Spain is the home of fiestas and festivals. It is possible to travel around Spain and discover a party or celebration taking place in each town or village you visit. The Spanish love to celebrate and parties bring together whole communities. Many festivals and celebrations have religious connections such as those around Easter, some are focused on a particular food such as seafood and paella. Often the festivals are a little bizarre such as La Tomatina!
If you wish to fully immerse yourself in the Spanish culture when visiting Spain, it is worth hiring a car from eurocar and taking a tour of the many festivals that occur throughout the country. To help you plan your trip, here are a few of the “must see” festivals.
Las Fallas is a five day event culminating in the arrival of St Joseph’s day on the 19th March. It takes place in Valencia on the Costa Blanca. Las Fallas originates from the middle ages when planks of wood were burnt in the spring by carpenters to celebrate the start of Spring. St Joseph is the patron saint of carpenters. In time the planks of wood were created into puppets, that often resembled well known characters in the area. The planks of wood and rudimentary puppets have now been replaced by elaborate puppetry constructed with cardboard and paper mache.
The festival is sometimes described as a festival of fire, as the festival ends with the burning of the puppets on St Joseph’s Day. Fireworks feature everyday during the festival and tourists are attracted from all over the world! Attending the festival is a fabulous experience and very uplifting due to celebrating the end of winter and the arrival of Spring. As this is such a major festival, hotels will be booked early so plan your trip in advance.
The Fallas of Valencia Festival has been declared an Intangible Heritage of Humanity.
Spain is the home of fiestas and festivals. With traditional religious celebrations and the outright offbeat, there is bound to a festival for you - here are the top five Spanish festivals!Click To Tweet
Semana Santa is the celebration of holy week and the celebrations occur all over Spain. Holy week is celebrated by processions of huge floats travelling through city streets. Each of the floats depict a part of the Easter story, some of the floats are historic masterpieces, the origin of which can be traced back to the 17th century.
The procession can take a number of hours, as teams of bearers carry the floats from their parish around the streets before returning. Following the floats are “penitents” wearing capes and head apparel that hides their identity. The Easter story is told over a period of days and can be sombre on Good Friday, followed by joyous celebration on Easter Sunday.
Semana Santa is a major festival attracting thousands of visitors, be sure to book accommodation early. As well as watching the procession, visit the churches. They are often intricately decorated with flowers and fruits – a spectacular sight!
La Tomatina is held in a town called Bunol in Valencia, it takes place on a Wednesday at the end of August. The festival is thought to have started in 1945 when an altercation resulted in tomatoes and vegetables being thrown. More than 70 years later the festival attracts thousands of people who wish to throw ripe tomatoes at each other, just for the fun of it! The tomato fight lasts for approximately an hour, following which the whole town is hosed down by fire trucks. The festival is basically the world’s biggest food fight!
The festival of San Fermin occurs on 6th July every year. The festival is commonly known as the Running of The bulls and is situated in Pamplona. The festival dates back to the 13th century and is now thought to be a combination of religious festivals and a spanish bullfighting fiesta. The bull run takes place every morning at 8am over 8 days (7th – 14th July). Basically six fighting bulls are released onto the streets and the “runners” run to escape. The run takes approximately 3 minutes and is potentially very dangerous for the runners and spectators.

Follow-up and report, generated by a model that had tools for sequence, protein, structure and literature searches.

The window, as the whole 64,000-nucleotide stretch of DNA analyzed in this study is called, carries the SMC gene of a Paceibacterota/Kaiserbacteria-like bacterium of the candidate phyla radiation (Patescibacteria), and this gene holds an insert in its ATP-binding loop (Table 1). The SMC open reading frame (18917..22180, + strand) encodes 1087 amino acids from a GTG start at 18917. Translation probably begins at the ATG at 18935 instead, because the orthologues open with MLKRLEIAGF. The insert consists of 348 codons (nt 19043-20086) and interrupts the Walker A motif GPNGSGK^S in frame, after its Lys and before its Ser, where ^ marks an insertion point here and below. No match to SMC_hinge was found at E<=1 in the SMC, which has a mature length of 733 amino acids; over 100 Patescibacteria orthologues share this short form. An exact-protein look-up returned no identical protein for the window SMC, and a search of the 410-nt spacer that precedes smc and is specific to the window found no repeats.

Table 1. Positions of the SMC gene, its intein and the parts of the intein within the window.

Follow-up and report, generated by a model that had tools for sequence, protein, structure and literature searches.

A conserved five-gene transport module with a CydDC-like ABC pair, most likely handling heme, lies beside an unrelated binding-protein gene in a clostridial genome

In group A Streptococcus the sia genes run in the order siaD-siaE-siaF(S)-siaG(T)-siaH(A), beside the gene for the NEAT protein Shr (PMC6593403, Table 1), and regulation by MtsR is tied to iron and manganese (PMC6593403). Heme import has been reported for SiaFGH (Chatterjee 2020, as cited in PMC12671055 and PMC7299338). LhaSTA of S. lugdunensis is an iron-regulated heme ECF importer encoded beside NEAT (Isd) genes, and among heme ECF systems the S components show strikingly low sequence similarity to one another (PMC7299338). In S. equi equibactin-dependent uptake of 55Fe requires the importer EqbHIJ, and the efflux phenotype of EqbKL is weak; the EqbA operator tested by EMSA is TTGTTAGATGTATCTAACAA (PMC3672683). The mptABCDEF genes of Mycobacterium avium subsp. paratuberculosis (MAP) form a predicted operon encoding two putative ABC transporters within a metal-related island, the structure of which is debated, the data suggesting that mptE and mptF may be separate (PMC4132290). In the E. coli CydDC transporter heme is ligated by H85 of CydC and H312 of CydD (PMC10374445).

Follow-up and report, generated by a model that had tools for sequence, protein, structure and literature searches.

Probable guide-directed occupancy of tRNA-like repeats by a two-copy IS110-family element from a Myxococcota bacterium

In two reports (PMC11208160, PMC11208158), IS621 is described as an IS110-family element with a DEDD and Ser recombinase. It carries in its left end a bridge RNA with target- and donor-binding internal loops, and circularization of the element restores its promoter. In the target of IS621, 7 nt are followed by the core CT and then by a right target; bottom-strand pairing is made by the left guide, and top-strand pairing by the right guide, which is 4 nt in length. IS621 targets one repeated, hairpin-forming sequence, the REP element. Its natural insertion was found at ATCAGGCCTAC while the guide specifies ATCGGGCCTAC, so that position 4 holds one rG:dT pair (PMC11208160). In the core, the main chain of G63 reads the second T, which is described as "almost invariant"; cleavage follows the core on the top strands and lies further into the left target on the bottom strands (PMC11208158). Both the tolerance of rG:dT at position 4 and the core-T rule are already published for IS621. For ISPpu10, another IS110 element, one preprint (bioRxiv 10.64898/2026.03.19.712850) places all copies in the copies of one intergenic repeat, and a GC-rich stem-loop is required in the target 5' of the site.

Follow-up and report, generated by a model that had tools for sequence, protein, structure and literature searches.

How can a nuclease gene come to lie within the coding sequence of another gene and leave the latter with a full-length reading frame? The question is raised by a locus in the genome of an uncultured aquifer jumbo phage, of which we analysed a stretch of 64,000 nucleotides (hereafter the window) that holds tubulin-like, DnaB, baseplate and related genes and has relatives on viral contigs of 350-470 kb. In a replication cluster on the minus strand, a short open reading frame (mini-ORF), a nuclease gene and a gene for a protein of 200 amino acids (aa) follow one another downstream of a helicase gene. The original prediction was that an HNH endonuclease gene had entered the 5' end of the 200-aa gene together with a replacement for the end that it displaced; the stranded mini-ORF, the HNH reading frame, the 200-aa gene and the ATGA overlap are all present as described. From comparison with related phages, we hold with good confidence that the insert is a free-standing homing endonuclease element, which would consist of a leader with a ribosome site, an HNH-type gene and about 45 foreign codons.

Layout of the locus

Bullfighting is not to everyone’s taste and some people consider the custom to be barbaric. This doesn’t seem to stop the thousands of people who flock to the area every year to take part or watch the fiesta.
The festival is now a ticket event and the numbers are limited to 20000. Be prepared to plan a trip well in advance. The night before the fight takes place most of the participants stay up partying, so arrive early. Hopefully you will have the stamina to last!
The Tenerife Carnival takes place every february and lasts for 27 days! Tenerife is classed as the carnival capital in Europe, second only to rio janeiro in its extravagance. Visitors are attracted from all over the world, all attracted to the glitz and glamour. The carnival has been running for centuries and could be described as watching a show unfold on the streets. Each year a different theme is chosen La Fantasia – fantasy was the theme in 2018.
The carnival is held in the santa Cruz area of Tenerife and has been declared a Tourist Festival of International Interest. The carnival opens with a parade which continues throughout the night. Thousands of revellers participate in fancy dress according to the theme. The party then continues night after night until it ends on Ash Wednesday, with the “burial of the sardine”. The following weekend the celebration of the pinata occurs culminating in a dazzling firework display.
February is a busy month for tourism in Tenerife due to the celebrations, therefore book your trip early.
This is just a small snapshot of the many festivals and fiestas that take place in Spain. There are thousands more, ranging from the traditional to the bizarre! It is worth trying to time a trip to Spain so that you can experience a festival. Whichever you choose, you are guaranteed to have fun.
ENJOYED THIS POST? PLEASE PIN IT!